Tesla recent quarterly financial results show progress on several fronts. Over 1,650 customers are now driving the Tesla Roadster, the impressive electric car with a 240-mile range per charge. Customers have driven these 100-percent electric cars more than 11 million miles. Tesla will soon have over 2,000 customers who have paid over $100,000 for their Roadster.
The Model S Sedan is on track for completion and customer deliveries mid-2012. A much bigger market is expected for this premium sedan that starts at $57,400 and has an optional $20,000 battery pack with that gives the car a 300-mile range. When Tesla begins delivery of the Model S, over 50,000 electric car customers will be driving their Nissan LEAF, Chevrolet Volt, Ford Focus Electric and other electric sedan competitors. Tesla will compete against these less expensive competitors with a luxury interior, electronics like a 17-inch display, 7 passenger capacity, switchable battery, and options to triple the electric range of competitors. A new generation of lithium batteries is at the heart of the vehicles range of 160 miles with optional packs that provide 230 and 300 miles of range per electric charge. 4,600 customers have already placed reservations for the Model S with a starting price of $57,400.
CEO Elon Musk stated, “Our Model S alpha build proceeded as scheduled during the quarter. In fact, our engineering and manufacturing teams have now completed the construction of all of our Model S alpha vehicles, having finished the final alpha in April. These vehicles are successfully undergoing the planned cold weather brakes testing, ride and handling evaluation, safety validation, electrical integration, and noise, vibration and harshness evaluation,” continued Musk. “As has been our plan, we will continue testing this quarter with a particular focus on durability and systems integration as we prepare for our beta build later this year. Overall, we remain on track for first customer deliveries of the Model S in mid-2012.”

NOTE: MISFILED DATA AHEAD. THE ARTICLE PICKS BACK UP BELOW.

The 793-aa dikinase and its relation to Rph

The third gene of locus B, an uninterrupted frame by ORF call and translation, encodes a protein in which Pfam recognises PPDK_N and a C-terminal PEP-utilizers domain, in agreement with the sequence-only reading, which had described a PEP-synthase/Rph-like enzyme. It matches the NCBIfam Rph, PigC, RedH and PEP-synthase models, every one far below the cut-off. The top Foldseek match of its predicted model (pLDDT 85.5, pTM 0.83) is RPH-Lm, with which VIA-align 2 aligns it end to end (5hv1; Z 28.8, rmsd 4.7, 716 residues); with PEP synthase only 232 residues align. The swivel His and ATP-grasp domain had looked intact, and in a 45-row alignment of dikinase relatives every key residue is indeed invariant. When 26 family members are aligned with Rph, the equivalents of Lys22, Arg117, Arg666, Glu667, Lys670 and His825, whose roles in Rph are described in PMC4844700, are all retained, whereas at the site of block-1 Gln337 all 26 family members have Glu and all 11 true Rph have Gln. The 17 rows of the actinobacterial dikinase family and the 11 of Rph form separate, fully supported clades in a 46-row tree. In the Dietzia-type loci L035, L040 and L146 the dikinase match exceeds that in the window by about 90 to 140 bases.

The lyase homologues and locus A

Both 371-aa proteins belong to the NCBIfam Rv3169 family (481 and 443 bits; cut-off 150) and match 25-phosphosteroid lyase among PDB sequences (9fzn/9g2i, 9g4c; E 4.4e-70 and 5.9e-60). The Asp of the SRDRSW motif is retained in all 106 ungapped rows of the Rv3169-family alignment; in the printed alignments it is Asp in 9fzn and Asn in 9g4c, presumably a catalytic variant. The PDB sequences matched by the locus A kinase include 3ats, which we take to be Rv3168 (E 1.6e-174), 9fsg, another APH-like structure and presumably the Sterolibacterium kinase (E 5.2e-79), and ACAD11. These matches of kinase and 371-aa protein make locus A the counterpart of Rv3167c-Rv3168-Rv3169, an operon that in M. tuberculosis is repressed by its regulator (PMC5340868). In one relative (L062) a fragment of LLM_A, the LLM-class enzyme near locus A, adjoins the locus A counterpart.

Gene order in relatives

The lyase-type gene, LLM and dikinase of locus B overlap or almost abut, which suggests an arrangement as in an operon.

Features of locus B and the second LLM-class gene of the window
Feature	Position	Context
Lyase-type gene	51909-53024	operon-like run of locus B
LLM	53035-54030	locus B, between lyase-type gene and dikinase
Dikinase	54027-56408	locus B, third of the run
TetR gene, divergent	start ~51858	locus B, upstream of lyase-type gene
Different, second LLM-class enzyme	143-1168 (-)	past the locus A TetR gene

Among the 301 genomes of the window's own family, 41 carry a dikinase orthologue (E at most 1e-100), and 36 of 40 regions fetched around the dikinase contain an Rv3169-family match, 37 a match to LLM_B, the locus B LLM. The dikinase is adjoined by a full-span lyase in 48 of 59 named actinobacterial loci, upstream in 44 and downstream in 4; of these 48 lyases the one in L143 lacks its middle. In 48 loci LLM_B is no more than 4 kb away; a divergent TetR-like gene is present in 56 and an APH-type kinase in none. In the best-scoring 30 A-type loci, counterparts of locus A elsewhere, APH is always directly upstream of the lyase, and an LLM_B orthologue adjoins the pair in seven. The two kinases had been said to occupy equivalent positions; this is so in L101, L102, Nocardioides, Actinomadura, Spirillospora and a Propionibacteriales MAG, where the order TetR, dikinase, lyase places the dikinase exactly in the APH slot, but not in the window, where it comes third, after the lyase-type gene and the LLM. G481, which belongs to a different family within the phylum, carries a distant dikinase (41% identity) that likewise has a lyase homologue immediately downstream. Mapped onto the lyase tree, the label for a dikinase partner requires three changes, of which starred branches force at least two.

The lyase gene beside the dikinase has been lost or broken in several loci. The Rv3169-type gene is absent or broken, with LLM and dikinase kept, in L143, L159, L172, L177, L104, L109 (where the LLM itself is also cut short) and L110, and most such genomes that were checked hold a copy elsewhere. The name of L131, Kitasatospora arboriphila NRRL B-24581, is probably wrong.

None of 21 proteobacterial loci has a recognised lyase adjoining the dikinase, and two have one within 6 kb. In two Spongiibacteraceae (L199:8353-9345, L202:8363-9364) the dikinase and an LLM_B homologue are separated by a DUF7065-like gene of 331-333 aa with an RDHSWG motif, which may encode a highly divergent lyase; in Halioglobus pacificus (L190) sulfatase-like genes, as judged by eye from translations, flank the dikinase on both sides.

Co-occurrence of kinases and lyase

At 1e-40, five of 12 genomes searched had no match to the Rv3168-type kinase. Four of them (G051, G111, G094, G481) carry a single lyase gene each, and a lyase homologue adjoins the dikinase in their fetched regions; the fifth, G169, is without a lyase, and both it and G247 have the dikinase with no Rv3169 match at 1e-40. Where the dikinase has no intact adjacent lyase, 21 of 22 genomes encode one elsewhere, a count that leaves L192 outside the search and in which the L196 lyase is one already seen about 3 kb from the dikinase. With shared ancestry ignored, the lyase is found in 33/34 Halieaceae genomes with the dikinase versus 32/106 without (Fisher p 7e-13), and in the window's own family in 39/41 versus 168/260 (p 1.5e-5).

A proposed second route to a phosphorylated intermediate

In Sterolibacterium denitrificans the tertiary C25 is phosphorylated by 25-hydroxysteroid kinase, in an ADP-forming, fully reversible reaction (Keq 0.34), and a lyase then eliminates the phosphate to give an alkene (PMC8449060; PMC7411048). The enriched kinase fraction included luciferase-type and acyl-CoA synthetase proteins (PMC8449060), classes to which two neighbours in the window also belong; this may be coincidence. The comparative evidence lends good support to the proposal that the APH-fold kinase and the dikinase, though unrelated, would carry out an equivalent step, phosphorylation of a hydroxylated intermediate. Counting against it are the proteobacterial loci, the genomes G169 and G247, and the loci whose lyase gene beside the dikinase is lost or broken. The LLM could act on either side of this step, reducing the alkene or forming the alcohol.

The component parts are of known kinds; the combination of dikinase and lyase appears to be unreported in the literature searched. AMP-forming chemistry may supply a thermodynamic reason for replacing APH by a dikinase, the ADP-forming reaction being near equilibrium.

Tesla Progress with Toyota RAV4 EV and Daimler Electric Cars
Tesla is also making significant progress as a battery and electric drive system provider. Tesla delivered a record number of production battery packs and chargers for both Daimler’s Smart fortwo and A-Class vehicles for the fourth quarter in a row. Daimler increased its total orders for the Smart fortwo electric drive components from 1,800 to 2,100 sets. All of these will be delivered in 2011. Daimler owns 5 percent of Tesla.
Tesla successfully completed the initial milestones for the development of the powertrain system for the Toyota RAV4 EV and remains on schedule for the completion of the development portion of the program. The powertrain system includes a battery, power electronics components, motor, gearbox and associated proprietary software. Toyota owns 2 percent of Tesla stock. Toyota RAV4 EV Test Drive
Meeting product deadlines will depend on staying on-track in opening its new factory in Fremont, California – The Tesla Factory. Intensive site preparations are underway at each of the stamping, plastics, and paint shops as the facility is being prepared for the upcoming Model S beta build. Equipment testing in carefully controlled manual modes of operation has begun in both stamping and plastics shops, with robots and other automation equipment scheduled for installation later this year. Installation of the hydraulic press line remains on schedule for manual operation in the second quarter.
Tesla Motors (Nasdaq: TSLA) announced its preliminary unaudited financial results for the quarter ended March 31, 2011. Revenues for the first quarter of 2011 were $49.0 million, a 35% increase from the $36.3 million reported in the prior quarter. Gross margin improved to 37%, up from 31% for the prior quarter. Net loss for the quarter was $48.9 million as compared to $51.4 million in the prior quarter on a GAAP basis.
Like its Roadster, Tesla has been growing the company at zero to 60 in four seconds. Revenues are strong, but profitability is not in sight as the company invests for high growth and big plans for the Model S and Model X.